Patient Canadian

Sitting down with Michael Ondaatje.

MICHAEL ONDAATJE'S LATEST novel, Anil's Ghost, follows the story of Anil Tissera, a young forensic scientist contracted by an international human-rights group to return to her native Sri Lanka and investigate a rash of murders and disappearances on the island. Dismissed and diverted by local officials, Anil maneuvers beyond the sanctioned to unearth a more involved truth, transformed by encounters had along the way. With a story at times brutal and tragic, Ondaatje brings us an unflinching glimpse of one of the many oft-forgotten wars; far from ironic or condemning, Anil's Ghost emerges as a quietly heroic story. I recently had the chance to ask Ondaatje about the novel's origins and some of his own more intimate foibles.

Anil's Ghost

by Michael Ondaatje (Knopf, $25)

FM: Whether it be the attraction to such notorious figures as Billy the Kid and jazz immortal Buddy Bolden or the somewhat familiar territory of the Second World War made ethereal, your earlier novels have a conscious approach by the author toward the material. This novel seems different. How did it come about?

MO: Rather than following a preconceived notion, the book grew directly out of the research. For instance, my encounter with emergency doctors in Sri Lanka led directly to their inclusion in the book. The impact of meeting a group of people so selfless was incredible—the expertise and focus that allowed them to exist within so much chaos. I met a number of people like this. They were like samurai or something. They didn't give a damn about which party was in power or what new faction had arisen, they simply went in there and healed people. And they weren't foreigners. We all know of Amnesty International or Doctors Without Borders, but these were locals. And this experience was a gift to me because I didn't want to write about a country, my country, and leave it as something solely dark and vicious. So, the stories portrayed allow some virtue, [allow] the beautiful and courageous to accompany the tragic and senseless. The end of the novel and the small discoveries won are frail but real.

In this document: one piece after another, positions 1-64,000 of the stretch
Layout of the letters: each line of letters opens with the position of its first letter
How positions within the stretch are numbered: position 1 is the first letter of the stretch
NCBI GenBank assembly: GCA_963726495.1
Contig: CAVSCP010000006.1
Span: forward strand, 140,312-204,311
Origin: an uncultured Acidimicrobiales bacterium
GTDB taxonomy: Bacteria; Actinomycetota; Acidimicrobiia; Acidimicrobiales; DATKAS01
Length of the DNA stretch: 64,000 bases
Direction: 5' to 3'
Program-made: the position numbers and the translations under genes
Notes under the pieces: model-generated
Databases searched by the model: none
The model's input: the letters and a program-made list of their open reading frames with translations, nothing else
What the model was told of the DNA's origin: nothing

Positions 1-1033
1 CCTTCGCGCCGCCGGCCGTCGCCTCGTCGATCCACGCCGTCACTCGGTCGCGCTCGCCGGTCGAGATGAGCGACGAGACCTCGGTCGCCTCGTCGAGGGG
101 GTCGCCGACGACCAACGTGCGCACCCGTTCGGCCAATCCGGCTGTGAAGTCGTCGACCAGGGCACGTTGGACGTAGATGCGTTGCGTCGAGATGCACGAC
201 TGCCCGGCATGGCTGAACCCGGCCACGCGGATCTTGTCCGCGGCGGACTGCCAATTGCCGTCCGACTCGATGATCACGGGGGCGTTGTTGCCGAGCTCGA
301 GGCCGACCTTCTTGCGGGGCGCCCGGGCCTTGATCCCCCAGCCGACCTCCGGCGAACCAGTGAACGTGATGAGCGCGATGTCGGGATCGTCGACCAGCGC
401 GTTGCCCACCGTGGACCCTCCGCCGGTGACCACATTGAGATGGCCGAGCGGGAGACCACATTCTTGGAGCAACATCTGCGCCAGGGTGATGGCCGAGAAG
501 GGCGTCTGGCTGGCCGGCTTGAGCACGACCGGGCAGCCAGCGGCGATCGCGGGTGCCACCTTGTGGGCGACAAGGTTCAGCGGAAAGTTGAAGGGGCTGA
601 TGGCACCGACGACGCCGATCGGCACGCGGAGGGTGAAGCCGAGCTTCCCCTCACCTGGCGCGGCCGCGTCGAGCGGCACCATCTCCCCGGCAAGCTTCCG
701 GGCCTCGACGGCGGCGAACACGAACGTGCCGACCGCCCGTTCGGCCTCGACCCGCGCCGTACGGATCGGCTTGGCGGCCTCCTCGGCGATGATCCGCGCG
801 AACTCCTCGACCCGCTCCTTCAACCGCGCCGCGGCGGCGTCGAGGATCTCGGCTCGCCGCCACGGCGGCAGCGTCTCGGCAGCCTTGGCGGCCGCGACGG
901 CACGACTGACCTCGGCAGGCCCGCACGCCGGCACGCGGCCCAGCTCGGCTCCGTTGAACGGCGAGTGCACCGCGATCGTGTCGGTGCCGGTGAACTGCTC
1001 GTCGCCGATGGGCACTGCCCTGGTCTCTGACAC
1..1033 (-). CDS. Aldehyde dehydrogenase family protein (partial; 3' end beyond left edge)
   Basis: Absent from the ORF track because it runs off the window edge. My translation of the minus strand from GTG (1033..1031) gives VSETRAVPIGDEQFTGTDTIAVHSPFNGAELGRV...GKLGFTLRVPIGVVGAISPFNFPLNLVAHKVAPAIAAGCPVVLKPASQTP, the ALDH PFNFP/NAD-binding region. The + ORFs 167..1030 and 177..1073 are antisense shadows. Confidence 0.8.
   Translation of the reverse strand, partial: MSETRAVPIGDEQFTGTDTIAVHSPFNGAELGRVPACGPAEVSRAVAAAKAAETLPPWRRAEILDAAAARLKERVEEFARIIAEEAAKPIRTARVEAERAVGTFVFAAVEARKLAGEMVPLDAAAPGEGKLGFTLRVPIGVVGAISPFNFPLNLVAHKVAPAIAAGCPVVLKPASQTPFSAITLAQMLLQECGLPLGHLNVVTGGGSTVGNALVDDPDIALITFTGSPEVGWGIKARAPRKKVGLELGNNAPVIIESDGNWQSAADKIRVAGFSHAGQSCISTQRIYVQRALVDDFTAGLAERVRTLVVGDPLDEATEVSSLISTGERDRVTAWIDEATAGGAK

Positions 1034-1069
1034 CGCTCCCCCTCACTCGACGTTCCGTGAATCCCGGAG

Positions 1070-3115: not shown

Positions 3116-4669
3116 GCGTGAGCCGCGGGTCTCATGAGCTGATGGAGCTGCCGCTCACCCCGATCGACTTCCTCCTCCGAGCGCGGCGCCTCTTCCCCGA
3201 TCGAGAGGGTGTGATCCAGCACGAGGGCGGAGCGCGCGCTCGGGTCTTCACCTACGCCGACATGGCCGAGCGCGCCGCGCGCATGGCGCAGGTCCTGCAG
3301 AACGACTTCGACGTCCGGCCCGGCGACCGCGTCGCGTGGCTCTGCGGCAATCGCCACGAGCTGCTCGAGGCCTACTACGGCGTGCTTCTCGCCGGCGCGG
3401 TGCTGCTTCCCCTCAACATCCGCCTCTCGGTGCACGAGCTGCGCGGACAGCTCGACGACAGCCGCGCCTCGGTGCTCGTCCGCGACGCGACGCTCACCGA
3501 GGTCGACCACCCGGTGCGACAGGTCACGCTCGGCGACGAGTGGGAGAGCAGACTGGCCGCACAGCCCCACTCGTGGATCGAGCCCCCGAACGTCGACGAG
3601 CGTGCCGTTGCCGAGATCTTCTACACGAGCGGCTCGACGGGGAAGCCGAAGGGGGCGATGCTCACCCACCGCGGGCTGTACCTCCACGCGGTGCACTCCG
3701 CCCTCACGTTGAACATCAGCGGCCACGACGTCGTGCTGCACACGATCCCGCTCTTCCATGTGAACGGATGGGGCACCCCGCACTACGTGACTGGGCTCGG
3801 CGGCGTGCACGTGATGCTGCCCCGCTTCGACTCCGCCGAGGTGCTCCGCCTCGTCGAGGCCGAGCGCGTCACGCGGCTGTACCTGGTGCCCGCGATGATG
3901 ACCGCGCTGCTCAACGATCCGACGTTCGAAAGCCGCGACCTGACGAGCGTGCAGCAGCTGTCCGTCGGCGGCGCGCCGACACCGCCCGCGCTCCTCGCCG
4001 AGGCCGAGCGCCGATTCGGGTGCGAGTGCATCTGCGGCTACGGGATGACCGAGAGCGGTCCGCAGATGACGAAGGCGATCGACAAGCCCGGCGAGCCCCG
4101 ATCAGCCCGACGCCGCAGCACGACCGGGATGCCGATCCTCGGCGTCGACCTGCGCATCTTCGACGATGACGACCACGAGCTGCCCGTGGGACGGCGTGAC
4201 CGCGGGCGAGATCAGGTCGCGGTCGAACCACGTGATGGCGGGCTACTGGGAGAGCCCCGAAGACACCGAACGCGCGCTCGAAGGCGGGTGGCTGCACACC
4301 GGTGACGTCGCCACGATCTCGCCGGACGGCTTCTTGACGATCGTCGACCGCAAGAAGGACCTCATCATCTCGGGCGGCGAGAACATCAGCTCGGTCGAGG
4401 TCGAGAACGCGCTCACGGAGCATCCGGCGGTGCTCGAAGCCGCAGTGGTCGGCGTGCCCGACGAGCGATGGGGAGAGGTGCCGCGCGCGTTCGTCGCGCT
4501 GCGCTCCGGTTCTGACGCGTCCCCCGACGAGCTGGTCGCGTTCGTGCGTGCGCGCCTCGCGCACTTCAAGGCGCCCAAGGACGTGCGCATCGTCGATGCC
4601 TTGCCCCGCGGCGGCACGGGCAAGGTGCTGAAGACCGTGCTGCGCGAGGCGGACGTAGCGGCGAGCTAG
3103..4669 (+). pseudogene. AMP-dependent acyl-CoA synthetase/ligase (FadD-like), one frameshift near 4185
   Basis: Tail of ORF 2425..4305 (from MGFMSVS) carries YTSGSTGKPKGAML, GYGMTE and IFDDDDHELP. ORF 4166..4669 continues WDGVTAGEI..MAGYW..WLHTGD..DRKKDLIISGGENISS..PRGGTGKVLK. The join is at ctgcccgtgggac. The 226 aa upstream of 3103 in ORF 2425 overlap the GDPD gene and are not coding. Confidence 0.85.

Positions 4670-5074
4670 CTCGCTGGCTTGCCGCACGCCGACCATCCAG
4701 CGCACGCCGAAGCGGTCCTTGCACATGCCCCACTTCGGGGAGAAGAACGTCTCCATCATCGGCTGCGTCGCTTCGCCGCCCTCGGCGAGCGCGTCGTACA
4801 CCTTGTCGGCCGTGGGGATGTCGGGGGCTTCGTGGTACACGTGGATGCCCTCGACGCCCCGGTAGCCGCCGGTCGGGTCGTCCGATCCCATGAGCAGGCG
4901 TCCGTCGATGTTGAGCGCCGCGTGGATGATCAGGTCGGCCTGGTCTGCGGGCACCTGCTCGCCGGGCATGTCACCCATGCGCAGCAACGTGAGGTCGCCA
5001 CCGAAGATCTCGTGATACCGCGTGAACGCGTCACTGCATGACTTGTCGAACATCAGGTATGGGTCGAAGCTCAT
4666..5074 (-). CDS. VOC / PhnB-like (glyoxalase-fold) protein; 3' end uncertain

FM: You have taken a long path—through the Wild West, turn-of-the-century New Orleans, and WWII—to finally arrive at the contemporary moment. Did you find it more challenging to write without the romantic distance of history?

MO: Finally, I have arrived (laughs). I guess if I follow logic, I will be writing science fiction next. But, yes, this was certainly the most difficult book so far. When you are writing about a place still in the midst of tragedy and war you can't be too facile. There is a real focus out there you feel responsible to, and yet, you don't want to simply record history. Rather than heroes and villains or higher echelons of power, this book was about a state, the state of war, and how people continue on in it. But on a lighter note, I did also enjoy writing about the oddity and ease of something as contemporary as a cell phone, for example.

FM: Reality slips on various guises in the novel, shifting from forest monasteries to Oklahoma bowling alleys. There is a levity brought to the novel by Anil's juxtaposed remembering of her life in the West—her passion for bowling and B-movies, Van Morrison lyrics. How much of these peculiarities are, in fact, really your own?

MO: Let it suffice to say that I have bowled. Van Morrison has come up in my work before, and I will admit that I was probably the first guy in Toronto to see Die Hard, for instance. But part of living with a book for so long is the pleasure taken in allowing the casual, the happenstance to take part. It's somewhat like a play: You are in this room and someone might walk through the door at any moment. If you are too dogmatic, determined, or knowledgeable about what you write, then I think it turns out boring. Boring to yourself, at least. I always approach a novel wanting to learn about something. In this case it was archaeology and the study of bones. But this is what I'm referring to when I say that I have embraced the novel as a radical form, something far more open than Robertson Davies or Jane Austen. You want to be able to use photographs, song lyrics, interviews, quizzes, crossword puzzles, everything. Actually, I still haven't managed the crossword. I'll have to try that.

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